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Earth is 2,000 light years closer to supermassive black hole at the center of our galaxy than we thought

A new map of the Milky Way by Japanese space experts has put Earth 2,000 light-years closer to the supermassive black hole at the centre of our galaxy.

This map has suggested that the centre of the Milky Way, and the black hole which sits there, is located 25,800 light-years from Earth.

This is closer than the official value of 27,700 light-years adopted by the International Astronomical Union in 1985, the National Observatory of Japan said.

What’s more, according to the map, our solar system is travelling at 227 kilometres per second as it orbits around the galactic centre — this is faster than the official value of 220 kilometres per second, the release added.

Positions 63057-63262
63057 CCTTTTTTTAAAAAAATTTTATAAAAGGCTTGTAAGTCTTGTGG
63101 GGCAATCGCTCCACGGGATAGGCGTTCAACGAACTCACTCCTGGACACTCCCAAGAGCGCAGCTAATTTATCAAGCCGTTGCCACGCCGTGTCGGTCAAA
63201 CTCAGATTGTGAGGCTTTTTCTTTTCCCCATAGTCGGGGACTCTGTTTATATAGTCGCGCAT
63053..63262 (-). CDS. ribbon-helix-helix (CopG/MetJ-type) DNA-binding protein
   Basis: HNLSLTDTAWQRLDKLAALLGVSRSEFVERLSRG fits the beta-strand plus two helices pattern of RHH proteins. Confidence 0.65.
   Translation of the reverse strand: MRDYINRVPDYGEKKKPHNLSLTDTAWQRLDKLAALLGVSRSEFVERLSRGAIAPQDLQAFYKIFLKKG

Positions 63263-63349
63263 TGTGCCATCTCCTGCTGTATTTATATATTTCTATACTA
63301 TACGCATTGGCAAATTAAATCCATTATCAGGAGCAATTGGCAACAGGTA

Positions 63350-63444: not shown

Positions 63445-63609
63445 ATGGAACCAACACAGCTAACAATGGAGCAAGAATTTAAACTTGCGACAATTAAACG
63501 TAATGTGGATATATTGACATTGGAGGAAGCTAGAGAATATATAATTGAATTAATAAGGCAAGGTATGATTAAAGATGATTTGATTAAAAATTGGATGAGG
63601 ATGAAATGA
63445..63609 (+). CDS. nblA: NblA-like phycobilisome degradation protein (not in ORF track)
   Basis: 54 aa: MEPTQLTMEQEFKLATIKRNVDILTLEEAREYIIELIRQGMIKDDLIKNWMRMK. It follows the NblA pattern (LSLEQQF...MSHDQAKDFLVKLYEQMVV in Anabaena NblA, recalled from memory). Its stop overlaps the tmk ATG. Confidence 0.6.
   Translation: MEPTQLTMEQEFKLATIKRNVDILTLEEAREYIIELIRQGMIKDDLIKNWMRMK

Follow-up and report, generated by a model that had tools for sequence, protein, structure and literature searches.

These updated values are a result of more than 15 years of observations by the Japanese radio astronomy project VERA, according to an announcement released Thursday from the National Observatory of Japan.

VERA is short for VLBI Exploration of Radio Astrometry and refers to the mission’s array of telescopes, which use Very Long Baseline Interferometry to explore the three-dimensional structure of the Milky Way.

The new map suggests that the centre of the Milky Way, and the black hole which sits there, is located 25,800 light-years from Earth. Credit: NAOJ/CNN

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